EVERYBODY loves France, but almost everybody has doubts about the French. About one-third of the doubts have their origins in politics, the other two-thirds in envy.
Lately they have grown more concrete, centring on President Francois Hollande.
In the cafes of Paris, people argue the question who is their worst president ever. Opinion is divided between Mr Hollande and his predecessor, Nicolas Sarkozy. After only a year in office, Mr Hollande looks the likely winner of this unwanted title.
On Thursday, he made a dramatic attempt to restore his reputation.
He did not choose his time well. France has slipped into a double-dip recession. Unemployment stands at a record 3.2 million. He plans long-needed reforms, which will mean people must work longer and social welfare will be cut, especially for the affluent.
But nobody could have thought, judging by the tone of his press conference on Thursday, that an unpopular leader was on the way to even greater unpopularity.
In a performance that lasted for more than two hours, he declared his intention to do nothing less than "relaunch" Europe. He wants an elected president of Europe, a joint budget, and – yes, you guessed it – tax harmonisation.
This third proposal is the one that for many years has rattled the corridors of power in Ireland. We rightly fear that a unified European taxation regime will mean the loss of our low corporation tax. We will fight to keep it, and demand a high price if we have to give it up.
This is well within the realm of possibility. When the time comes, our chances will depend largely on the skill of our negotiators.
They will have weapons in their armoury. For example, they can link the issue with the recent belated promises by the British and other governments to tackle the question of legal tax avoidance as well as illegal tax evasion.
Both of these are enormous scandals. Tax avoidance has grown into a huge industry in which armies of experts are employed to find more and more ingenious ways to dodge their liabilities. The cost to exchequers everywhere runs into billions.
To reduce it will be a colossal task – if it is ever undertaken. Can we believe the promises of governments to undertake anti-avoidance campaigns? They would have to deploy their own armies of experts, and very likely to engage in expensive litigation with no certainty of success.
As to the question of who will take the lead in the enterprise, I would place my money on the British (another reason to want Britain to stay in the European Union) and not the French president.
On Thursday he made grandiose claims about advances recently achieved. "The eurozone has stabilised. The banking union has been defined. Greece and other countries have been saved."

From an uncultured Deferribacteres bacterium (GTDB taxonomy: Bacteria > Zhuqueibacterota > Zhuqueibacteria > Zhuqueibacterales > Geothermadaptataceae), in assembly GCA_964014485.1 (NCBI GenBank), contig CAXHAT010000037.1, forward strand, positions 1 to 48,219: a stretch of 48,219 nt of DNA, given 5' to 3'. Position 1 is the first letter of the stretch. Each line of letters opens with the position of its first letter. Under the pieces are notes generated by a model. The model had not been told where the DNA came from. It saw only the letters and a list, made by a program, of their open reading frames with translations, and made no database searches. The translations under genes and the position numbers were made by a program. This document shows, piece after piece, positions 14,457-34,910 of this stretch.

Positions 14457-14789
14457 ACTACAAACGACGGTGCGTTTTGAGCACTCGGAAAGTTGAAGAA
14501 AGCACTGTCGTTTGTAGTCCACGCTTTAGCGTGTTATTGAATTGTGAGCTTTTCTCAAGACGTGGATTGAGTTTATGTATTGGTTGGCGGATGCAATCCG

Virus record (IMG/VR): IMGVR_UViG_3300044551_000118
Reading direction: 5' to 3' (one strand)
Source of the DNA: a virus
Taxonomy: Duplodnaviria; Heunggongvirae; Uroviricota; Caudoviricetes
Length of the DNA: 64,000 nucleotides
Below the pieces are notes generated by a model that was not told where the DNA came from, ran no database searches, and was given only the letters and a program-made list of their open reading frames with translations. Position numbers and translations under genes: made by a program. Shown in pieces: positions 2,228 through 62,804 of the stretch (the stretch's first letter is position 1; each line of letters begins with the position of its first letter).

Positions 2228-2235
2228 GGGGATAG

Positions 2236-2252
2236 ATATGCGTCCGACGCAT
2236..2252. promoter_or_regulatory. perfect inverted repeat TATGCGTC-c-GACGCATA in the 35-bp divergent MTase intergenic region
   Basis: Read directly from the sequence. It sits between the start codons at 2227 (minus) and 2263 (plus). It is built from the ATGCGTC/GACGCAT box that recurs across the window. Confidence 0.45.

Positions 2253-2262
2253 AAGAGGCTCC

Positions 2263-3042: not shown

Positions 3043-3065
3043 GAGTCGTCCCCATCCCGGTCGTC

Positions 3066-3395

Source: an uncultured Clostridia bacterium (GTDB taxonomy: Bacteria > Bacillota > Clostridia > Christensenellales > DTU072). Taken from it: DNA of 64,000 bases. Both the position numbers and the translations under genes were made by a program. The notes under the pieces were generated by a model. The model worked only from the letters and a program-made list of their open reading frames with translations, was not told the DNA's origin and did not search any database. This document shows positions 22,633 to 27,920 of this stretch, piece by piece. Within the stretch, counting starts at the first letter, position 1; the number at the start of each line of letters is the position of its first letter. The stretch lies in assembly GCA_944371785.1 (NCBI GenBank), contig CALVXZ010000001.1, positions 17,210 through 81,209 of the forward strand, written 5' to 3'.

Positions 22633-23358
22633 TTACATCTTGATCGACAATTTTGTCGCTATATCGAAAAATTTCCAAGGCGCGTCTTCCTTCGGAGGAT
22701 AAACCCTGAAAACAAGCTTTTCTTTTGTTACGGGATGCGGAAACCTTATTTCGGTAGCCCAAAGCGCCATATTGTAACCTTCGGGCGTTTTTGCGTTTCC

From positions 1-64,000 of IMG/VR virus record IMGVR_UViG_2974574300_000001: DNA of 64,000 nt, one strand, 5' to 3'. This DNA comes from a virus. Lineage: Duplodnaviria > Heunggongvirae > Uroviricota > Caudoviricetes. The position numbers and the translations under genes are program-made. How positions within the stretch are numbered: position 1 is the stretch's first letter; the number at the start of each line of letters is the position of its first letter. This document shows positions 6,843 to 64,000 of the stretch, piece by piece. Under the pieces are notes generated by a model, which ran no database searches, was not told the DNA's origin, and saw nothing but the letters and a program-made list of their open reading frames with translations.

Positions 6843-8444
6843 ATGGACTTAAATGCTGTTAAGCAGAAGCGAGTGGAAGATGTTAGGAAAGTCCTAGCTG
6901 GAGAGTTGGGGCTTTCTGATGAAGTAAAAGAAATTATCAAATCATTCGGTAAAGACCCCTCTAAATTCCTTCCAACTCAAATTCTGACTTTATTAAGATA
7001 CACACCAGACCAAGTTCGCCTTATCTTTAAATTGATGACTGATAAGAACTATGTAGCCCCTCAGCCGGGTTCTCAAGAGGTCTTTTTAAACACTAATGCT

Dubious though the claims were, it was more startling to hear him accord all the credit to himself. Does he perhaps think himself another Napoleon, not another Sarkozy?
In the real world, Mr Hollande bears very little resemblance to Napoleon.
He was educated at one of the elite schools that train the future chiefs of French government and administration. Since then, his career has essentially been that of a Socialist Party apparatchik.
Rather like the English politicians about whom I wrote last week, he has never had what you or I would call a real job. A politician educated in the School of Hard Knocks would have thought twice before making a string of bombastic statements. Angela Merkel would have known better.
And it was in relation to Chancellor Merkel that Mr Hollande made his most remarkable pronouncement. He said he would meet her before the German general election and agree the next steps towards European integration.
The election will be held on September 22. That does not leave much time to settle a crisis of the present magnitude. Moreover, although Ms Merkel has an approval rating of 68pc (eat your heart out, Enda!) the pollsters think her coalition unlikely to win a Bundestag majority. This kind of thing makes politicians cautious.
Personal relations come into the reckoning, too. By all accounts, those between the two leaders are less than cordial.
Mr Hollande's own Socialist Party recently denounced Ms Merkel for her "selfish intransigence". A lot of people feel like that, but it wasn't clever to say it publicly. Close relations are essential. So is persuasion.
Mr Hollande says that "my duty is to bring Europe out of its lethargy". Napoleon didn't like lethargy either, but he gave Europe something much worse. France, and Ireland, and the European Union, do not need another Napoleon. They need another Talleyrand.